After doing some research about contagious periods, we figure Doug picked it up at the British Museum on Monday where it was rather crowded and he didn’t wear a mask or on Friday at the London Tower which was equally crowded in the hall with the Crown Jewels.  Fran did wear one when there were a great deal of people around but now that she’s been with Doug all this time, we’ll see what happens.   As you know we’ve not only been doubled vaxxed but have had two boosters – the latter of which was about six weeks ago.  It has to be omicron he’s got as the main symptom is the sore throat and he’s had no loss of smell or taste.  He reached out to the friends we’ve seen in the past week to let them know.

We had dinner outside and spent the evening sitting out there.  We went to bed before ten and next morning Doug felt better, mostly tired but still had some sore throat.  No one else was showing symptoms yet….

We wanted to get a good mileage day in today (Father’s Day) and we managed about 500 km / 300 mi. Doug was pretty tired by the time we stopped at around 3:15 and we hope we’ll both sleep better in our own beds.  The temperature when we left Frankfurt was near 30 with a forecast of 36 again, but as we went northward, it cooled down considerably and it clouded over.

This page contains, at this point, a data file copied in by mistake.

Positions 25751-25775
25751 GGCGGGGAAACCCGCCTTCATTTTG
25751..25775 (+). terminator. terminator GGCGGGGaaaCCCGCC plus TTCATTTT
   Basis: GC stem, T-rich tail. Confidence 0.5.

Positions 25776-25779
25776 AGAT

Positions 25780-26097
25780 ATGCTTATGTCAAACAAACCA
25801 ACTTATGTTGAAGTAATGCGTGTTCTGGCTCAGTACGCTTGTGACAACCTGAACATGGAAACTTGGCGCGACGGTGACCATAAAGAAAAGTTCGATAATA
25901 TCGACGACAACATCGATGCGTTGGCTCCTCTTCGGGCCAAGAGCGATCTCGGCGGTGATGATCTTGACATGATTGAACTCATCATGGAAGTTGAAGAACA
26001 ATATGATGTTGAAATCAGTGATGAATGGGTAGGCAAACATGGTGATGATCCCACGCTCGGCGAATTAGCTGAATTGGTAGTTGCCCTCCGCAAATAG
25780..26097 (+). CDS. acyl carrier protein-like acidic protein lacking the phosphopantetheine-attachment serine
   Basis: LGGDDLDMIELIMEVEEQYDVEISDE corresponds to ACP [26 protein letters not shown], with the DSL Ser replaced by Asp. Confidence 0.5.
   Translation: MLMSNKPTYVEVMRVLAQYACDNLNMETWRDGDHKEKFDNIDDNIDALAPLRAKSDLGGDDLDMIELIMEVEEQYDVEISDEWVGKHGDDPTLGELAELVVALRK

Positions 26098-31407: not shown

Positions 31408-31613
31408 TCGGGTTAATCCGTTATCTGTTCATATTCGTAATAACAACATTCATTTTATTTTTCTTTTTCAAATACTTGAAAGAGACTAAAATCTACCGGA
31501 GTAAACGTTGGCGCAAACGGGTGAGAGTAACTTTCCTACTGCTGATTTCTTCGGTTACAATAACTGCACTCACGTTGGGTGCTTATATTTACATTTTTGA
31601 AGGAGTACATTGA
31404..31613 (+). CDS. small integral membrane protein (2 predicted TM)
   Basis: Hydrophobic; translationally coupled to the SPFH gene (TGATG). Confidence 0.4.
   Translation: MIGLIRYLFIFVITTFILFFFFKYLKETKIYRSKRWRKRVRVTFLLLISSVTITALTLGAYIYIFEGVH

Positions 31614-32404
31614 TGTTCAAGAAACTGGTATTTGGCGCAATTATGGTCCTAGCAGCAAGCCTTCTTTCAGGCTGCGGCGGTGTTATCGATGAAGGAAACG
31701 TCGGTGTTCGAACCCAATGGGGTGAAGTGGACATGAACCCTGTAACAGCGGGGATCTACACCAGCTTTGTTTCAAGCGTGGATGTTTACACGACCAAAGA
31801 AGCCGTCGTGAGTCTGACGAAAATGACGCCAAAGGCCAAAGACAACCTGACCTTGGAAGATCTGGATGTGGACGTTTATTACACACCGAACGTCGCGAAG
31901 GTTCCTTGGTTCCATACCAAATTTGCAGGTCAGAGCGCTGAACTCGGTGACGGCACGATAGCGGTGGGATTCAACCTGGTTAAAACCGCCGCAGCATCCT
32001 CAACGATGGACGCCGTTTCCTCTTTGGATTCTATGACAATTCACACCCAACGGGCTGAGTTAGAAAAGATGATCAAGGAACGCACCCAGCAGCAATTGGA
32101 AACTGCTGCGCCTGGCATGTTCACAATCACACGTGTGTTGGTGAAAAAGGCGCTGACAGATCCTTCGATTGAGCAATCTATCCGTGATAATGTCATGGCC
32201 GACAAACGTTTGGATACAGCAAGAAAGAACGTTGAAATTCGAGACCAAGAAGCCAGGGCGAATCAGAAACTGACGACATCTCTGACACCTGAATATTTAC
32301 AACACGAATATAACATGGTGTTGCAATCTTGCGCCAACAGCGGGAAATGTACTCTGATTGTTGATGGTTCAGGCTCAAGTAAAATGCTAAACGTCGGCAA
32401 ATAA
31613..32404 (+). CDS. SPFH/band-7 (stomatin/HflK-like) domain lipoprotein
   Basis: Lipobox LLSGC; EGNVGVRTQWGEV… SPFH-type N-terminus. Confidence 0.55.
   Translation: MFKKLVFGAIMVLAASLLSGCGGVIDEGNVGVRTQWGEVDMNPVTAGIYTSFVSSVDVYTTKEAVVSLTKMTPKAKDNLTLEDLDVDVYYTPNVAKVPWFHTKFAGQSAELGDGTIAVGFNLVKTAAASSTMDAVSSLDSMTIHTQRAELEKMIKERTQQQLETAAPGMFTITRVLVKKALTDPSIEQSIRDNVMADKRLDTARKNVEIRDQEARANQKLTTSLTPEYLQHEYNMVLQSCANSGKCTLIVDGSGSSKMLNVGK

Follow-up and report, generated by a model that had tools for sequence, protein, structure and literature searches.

We got parked in a small “Aire” that offers dumping for free and water and power for a small fee – neither of which we hooked up to.  It’s away from the freeway so it should be a quiet night.

We both slept pretty good last night and although Doug was quite congested this morning but his sore throat was gone; Fran still has no symptoms – fingers crossed. It’s cloudy this fine Monday but a reasonable temperature so Fran is back to Capri pants but still wearing sandals.  She did have some Keene type sandals shipped to us at Frank’s so she has another option than sneakers when she can’t wear flops.

Today, we needed to finish our big grocery shopping list for Sweden/Norway/Finland where prices are much higher.  There were three grocery stores in this small town of Salzhausen so we went to all of them and managed to get more stuff but still not everything.

Fran found a larger REWE on our route through Hamburg and there we were able to get everything else.  Hamburg is a huge port city on a river and there are containers everywhere stacked up.  Man, Minou must be feeling the weight!  But we got it all in and we’re ready to explode!